Artists receive critiques when they are young and malleable and then later after they have passed, as historians sort their significance in the Brobdingnagian corpus of Western art history. But rarely do they suffer appraisal during their white mane years, when scribes marvel that they endured so long, survived in a trade that musters the crew every five years and then gives them the heave ho to the shoals below. It is a brutal and regular shucking that keeps the art world on the crest of thought.

One who has endured is photographer and environmental author Peter Beard, who is having his first U.S. museum exhibition in 15 years at Guild Hall in East Hampton. The cleverly installed show, curated by Christina Mossaides Strassfield, was mobbed at the opening and promises to remain a major draw in New York. It is especially endearing as fully half the diaristic work on display was created nearby in Montauk.

Born with roguish good looks and an old-money pedigree, Beard acquired a Yale art history degree and easily moved among the glitterati in a hard partying life bilocated improbably between Montauk and Kenya. He married a supermodel and knew all the others, as evidenced by the prominent beauties who went topless for his lens and adorn the edges or center of many of his images.

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"Janice Dickinson and a cheetah" by Peter Beard, 1983. Photograph. (Not exhibited at Guild Hall).

"Janice Dickinson and a cheetah" by Peter Beard, 1983. Photograph. ©Peter Beard. (Not exhibited at Guild Hall).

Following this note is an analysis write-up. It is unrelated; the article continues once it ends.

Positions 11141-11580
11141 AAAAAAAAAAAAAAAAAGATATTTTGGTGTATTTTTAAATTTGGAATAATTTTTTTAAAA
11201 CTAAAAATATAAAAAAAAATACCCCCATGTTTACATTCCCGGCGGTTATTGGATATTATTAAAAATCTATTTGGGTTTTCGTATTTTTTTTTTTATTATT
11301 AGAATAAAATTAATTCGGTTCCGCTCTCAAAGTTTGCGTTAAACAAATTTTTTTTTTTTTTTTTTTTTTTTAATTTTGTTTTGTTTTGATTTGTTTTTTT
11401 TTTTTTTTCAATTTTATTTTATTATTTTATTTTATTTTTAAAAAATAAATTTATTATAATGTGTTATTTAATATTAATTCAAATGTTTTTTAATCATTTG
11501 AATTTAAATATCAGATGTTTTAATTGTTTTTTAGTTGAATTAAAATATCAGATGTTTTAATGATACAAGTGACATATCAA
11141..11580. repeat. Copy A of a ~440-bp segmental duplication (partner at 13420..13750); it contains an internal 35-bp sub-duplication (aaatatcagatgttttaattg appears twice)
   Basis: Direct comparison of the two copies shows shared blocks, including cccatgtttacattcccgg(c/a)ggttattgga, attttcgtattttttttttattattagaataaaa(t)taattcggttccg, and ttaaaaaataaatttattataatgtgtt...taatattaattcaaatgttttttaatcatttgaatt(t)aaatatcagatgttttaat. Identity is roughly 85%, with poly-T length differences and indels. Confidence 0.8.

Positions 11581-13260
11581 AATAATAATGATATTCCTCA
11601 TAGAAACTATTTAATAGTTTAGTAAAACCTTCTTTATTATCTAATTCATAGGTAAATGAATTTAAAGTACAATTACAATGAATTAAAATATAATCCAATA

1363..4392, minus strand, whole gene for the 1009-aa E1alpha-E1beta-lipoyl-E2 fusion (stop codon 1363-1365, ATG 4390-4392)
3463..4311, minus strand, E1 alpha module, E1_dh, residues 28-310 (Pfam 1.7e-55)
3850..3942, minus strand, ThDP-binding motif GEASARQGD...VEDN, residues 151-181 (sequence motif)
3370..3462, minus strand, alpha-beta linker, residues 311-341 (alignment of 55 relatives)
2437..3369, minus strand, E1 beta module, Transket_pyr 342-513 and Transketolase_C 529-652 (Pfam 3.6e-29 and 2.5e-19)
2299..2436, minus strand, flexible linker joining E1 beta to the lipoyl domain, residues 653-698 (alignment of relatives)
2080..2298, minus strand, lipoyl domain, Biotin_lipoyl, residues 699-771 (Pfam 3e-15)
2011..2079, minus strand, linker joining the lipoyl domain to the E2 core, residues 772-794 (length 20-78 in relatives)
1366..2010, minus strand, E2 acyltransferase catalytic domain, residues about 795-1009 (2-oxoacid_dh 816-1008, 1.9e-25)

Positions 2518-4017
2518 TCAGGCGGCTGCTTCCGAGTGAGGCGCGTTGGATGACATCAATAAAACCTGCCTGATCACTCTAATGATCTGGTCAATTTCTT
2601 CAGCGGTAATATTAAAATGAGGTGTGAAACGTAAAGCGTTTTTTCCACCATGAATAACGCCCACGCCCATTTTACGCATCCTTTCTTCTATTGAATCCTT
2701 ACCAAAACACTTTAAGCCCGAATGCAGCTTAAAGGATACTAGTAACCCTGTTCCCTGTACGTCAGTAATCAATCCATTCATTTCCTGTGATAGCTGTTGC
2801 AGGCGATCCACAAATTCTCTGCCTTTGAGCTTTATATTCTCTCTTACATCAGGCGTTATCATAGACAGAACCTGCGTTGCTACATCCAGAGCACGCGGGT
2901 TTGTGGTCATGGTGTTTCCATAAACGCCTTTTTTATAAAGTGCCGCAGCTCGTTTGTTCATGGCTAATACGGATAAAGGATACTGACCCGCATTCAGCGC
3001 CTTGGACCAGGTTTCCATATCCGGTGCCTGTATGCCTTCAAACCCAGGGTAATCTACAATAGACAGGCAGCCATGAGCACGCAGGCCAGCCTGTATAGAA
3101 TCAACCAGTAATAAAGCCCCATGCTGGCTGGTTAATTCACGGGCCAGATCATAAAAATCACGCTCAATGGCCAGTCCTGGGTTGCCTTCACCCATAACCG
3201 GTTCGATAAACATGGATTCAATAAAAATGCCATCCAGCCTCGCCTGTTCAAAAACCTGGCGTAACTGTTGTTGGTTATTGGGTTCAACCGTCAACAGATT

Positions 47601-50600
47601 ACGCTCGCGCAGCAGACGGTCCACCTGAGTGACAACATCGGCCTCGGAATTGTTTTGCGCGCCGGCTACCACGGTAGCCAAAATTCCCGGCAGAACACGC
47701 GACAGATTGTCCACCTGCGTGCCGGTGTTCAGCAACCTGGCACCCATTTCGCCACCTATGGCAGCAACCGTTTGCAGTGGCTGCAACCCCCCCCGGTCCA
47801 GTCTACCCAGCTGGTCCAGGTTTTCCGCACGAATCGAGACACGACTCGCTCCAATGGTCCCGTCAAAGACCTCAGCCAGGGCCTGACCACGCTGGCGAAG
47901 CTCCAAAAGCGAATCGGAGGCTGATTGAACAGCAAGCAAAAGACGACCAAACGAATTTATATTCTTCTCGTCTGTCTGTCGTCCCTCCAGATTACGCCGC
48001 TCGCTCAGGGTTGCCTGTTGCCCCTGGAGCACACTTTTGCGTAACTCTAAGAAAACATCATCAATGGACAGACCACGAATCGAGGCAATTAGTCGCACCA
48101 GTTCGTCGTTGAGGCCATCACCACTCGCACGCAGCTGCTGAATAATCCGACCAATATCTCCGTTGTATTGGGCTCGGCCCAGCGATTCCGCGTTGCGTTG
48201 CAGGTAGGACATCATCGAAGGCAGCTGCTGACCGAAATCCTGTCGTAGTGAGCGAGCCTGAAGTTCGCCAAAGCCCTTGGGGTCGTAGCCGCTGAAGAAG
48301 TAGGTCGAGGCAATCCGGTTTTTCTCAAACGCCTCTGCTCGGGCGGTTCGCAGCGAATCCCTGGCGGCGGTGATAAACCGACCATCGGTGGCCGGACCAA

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James Beard lasted through a remarkable series of hegemonies that disposed of each other because he was never a part of any of them. Pete Seeger famously said he could read music “but not enough to hurt my playing.” I have similar thoughts when I hear of a degreed art historian setting off to make art; usually they perform slight variations of some shop-worn school. But, if they can, they spin the buggy around and they are now facing forward into the unplumbed mystery instead of backwards towards the familiar chronologies. A little less academia typically generates better work.

Beard avoided the modernist and post-modernist style parade that drifted by during his eight decades by anchoring himself in two outsider themes: one being environmentalism, something brand new when he began it; and the second one of the oldest themes that can be identified: beauty and the beast.

For his first subject, he recorded African herds of stampeding animals running for their life in a miasma of despair as their aboriginal lands are destroyed and their body parts traded at market. This was mixed with overflown shots of bone yards of large creatures who suffered a premature death.